Who: Bernar Venet, Sculptor Where: Le Muy, France When I…
Who: Susann Eschenfelder – Fabric-Refiner and Designer
Where: Hamburg and London
„There’s only a very little market in Germany for what I’m doing”, explains designer Susann Eschenfelder in her Hamburg atelier and points on her extravagant, elaborate pillows. “The Germans prefer a rather reserved interior style and don’t really like experiments.” That’s the reason why she spends the weekdays in London, as there are lots of interior design bureaus with international clients.
Susann Eschenfelders works are total artworks that consist out of high-quality fabrics. Those are embroidered with semi-precious stones, gold- and silver threads, nacre and tortoiseshell or elaborate veiled with fur. Of course everything is individually made by hand and specially tailored to customers. Like a cushion lined with sable and embroidered with gold threads for the yacht of a Russian obligator.
Such a luxury costs in the higher, four-digit area. Susann Eschenfelder designed an elaborate embroidery for the wall with suiting silk curtains for an apartment in London at the Hydepark. And the private cinema of the client got a silken wall covering with filigree cherry blossom branches in Chinese stile. Of course, the fabric-refiner doesn’t say anything about the names of her clients or about the prices.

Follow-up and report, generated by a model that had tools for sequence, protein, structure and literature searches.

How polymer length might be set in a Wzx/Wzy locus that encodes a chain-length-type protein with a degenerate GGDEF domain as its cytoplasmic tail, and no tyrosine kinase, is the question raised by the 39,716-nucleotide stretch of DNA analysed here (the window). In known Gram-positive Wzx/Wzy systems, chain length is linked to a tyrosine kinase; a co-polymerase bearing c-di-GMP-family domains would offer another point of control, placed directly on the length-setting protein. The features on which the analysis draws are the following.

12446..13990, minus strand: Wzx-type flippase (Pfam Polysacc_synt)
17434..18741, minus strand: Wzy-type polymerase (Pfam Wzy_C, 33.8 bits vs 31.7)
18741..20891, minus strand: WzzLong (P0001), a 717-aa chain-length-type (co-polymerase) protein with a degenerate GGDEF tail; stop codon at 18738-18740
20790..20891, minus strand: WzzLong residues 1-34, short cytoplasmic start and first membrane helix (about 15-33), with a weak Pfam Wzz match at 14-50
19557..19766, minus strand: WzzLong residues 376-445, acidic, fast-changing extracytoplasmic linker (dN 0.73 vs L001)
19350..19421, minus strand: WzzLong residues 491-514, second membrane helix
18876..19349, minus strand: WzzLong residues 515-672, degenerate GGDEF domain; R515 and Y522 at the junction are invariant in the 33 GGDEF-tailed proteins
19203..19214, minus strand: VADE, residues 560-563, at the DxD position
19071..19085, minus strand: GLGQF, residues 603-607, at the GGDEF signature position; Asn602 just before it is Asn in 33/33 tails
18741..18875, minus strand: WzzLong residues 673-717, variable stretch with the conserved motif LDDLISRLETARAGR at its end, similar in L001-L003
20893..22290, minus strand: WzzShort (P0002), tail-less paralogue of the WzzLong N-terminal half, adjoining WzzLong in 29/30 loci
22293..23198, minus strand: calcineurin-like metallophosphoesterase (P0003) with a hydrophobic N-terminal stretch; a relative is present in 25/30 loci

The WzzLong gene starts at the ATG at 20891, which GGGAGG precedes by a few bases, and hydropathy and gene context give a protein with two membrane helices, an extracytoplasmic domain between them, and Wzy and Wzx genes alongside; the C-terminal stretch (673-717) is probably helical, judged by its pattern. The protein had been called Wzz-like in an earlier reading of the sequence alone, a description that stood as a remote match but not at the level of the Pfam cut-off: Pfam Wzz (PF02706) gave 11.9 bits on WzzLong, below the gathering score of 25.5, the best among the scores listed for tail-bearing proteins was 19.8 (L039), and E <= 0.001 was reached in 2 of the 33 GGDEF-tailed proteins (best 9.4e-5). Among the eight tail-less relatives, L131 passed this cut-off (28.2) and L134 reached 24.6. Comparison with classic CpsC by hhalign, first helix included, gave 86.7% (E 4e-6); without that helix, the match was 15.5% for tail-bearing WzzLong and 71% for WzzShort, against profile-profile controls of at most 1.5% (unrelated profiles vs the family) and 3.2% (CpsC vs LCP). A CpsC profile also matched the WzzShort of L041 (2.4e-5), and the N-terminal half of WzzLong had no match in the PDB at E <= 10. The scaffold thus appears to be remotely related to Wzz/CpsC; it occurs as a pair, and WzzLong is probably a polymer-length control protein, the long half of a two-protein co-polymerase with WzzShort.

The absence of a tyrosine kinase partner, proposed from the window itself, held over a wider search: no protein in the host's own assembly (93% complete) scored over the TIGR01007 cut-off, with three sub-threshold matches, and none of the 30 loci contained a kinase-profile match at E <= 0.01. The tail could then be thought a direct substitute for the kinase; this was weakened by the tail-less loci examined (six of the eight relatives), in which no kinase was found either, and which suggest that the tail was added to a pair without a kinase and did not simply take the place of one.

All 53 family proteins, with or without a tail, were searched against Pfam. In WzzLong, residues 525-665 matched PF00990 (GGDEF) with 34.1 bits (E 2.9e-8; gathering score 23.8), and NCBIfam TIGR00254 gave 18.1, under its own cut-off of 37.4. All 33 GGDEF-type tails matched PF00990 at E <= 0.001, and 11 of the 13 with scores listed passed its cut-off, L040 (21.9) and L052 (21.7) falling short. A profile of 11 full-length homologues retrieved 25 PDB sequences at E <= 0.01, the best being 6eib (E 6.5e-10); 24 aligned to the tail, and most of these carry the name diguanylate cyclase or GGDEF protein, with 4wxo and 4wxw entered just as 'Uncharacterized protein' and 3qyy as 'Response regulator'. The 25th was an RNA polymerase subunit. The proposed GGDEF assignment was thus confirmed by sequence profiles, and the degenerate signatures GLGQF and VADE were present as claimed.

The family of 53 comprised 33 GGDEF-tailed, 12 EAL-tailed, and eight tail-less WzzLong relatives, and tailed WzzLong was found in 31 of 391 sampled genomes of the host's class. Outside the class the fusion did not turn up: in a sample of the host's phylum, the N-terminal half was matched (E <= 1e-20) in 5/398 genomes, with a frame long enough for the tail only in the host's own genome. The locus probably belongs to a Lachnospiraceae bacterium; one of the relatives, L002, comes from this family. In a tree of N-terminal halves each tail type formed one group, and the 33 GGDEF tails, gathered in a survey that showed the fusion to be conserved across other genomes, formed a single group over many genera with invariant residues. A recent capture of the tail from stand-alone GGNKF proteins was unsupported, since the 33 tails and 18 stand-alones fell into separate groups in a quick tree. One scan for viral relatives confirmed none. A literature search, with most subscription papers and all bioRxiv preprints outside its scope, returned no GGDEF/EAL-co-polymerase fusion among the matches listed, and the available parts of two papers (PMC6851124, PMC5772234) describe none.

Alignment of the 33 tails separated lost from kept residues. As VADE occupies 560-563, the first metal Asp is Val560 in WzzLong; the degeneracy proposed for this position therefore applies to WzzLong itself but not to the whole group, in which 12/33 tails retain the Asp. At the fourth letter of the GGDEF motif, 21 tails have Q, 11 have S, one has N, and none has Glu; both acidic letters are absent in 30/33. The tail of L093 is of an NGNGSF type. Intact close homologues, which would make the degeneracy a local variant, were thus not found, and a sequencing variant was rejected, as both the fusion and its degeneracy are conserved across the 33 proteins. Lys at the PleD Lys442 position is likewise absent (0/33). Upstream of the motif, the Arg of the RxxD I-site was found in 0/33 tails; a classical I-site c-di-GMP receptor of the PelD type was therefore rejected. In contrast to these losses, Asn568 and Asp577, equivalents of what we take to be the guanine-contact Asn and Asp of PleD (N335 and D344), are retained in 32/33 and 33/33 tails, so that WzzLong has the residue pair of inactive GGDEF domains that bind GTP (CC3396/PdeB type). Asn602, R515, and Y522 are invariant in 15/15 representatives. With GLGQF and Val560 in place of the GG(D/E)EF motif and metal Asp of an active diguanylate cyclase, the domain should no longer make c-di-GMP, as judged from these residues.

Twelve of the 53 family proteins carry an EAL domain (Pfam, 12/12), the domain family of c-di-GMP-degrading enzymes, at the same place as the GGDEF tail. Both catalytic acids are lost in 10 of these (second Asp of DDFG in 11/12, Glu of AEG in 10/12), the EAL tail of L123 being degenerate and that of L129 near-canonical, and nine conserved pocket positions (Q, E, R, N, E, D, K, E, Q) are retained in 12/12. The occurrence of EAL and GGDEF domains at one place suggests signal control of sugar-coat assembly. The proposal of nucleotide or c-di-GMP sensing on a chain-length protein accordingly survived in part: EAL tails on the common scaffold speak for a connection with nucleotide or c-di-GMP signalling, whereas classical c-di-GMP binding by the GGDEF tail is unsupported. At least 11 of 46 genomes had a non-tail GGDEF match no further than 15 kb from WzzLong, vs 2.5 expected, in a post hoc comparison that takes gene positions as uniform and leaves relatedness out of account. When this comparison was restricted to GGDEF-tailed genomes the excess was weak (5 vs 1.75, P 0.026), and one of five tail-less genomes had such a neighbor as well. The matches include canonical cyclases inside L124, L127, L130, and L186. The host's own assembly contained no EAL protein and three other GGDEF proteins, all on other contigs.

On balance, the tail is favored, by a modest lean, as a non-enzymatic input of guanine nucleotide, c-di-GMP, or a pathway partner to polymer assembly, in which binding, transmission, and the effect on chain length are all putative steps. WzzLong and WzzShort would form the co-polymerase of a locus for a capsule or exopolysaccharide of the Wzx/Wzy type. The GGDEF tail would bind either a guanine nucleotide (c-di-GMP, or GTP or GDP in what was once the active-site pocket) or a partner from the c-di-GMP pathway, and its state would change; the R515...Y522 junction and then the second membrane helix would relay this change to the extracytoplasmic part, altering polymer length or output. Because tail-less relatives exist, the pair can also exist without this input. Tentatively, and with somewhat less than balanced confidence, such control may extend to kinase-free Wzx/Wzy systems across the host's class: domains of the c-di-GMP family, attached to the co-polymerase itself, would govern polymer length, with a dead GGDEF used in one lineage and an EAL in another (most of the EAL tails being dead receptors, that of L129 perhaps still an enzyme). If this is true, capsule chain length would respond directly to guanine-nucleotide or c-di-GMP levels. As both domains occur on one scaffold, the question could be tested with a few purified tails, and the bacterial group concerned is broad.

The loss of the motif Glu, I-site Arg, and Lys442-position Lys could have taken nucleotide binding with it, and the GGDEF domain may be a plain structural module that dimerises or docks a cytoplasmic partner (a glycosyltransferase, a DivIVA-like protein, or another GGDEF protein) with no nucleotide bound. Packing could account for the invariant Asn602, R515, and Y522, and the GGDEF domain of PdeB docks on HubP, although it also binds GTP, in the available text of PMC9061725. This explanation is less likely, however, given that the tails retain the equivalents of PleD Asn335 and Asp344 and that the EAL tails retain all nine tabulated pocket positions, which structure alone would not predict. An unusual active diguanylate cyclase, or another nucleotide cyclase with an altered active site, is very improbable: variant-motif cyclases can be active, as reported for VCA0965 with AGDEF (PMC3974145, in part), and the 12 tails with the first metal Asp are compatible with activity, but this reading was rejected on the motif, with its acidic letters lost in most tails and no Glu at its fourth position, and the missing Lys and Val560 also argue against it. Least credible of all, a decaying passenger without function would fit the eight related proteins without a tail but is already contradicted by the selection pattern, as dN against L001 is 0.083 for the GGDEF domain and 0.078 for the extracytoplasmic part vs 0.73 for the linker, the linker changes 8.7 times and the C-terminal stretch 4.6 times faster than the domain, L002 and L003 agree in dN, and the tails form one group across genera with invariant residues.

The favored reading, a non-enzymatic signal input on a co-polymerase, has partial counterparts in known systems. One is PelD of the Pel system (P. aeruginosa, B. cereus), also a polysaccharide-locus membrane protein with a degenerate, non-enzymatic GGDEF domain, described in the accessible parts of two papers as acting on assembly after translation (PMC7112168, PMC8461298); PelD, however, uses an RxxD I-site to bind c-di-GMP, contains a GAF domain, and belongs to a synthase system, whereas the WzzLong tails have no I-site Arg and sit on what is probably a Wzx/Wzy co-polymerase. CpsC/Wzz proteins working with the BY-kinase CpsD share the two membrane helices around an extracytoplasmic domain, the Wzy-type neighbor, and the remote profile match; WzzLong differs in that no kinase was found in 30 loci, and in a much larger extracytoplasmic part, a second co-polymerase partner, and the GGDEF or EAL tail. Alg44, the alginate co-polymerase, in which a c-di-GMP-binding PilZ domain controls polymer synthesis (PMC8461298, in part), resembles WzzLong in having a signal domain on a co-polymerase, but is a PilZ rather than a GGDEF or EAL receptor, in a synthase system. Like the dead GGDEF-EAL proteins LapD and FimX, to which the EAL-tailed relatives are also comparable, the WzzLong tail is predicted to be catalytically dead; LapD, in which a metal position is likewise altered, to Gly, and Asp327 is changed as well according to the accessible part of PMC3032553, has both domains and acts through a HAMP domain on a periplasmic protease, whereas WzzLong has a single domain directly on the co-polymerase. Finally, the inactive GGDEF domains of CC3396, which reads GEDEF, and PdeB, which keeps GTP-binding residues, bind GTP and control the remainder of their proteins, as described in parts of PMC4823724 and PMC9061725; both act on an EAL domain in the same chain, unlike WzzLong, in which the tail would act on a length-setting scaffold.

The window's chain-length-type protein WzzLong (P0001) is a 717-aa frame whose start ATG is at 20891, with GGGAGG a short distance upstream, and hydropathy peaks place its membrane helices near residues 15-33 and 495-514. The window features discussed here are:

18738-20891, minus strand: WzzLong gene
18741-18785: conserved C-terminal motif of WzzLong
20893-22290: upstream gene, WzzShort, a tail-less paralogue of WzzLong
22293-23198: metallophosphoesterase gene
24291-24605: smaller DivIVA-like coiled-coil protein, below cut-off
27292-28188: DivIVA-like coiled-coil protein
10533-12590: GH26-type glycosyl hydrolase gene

“The individuality and the exceptionality are very important to my clients”, explains Susann Eschenfelder, who creates not only romantic but also modern motives. “Nobody of my client wants something the others already got.” Thereby the Saarlander already made the experience that money and taste inevitably don’t have something in common: “I’m always happy when my pillows complement a succeeded spatial installation.”
Eschenfelder, who worked for Jil Sander and Wolfgang Joop for years, loves graphical-floral and colorful Pucci-fabrics, throughout her colorful lampshades are being made – meanwhile sought objects at her clients. The vintage-fabrics aren’t easy to find and accordingly expensive.
It can take weeks until a pillow is finished, depending on effort and embroideries. “And then especially the German customers come to me and ask, why the cushions are so expensive”, says Susann Eschenfelder. “My foreign clientele appreciates the craft and rejoices the beauty of extraordinary materials. And isn’t it wonderful to afford oneself something to create a luxury surrounding?” BvH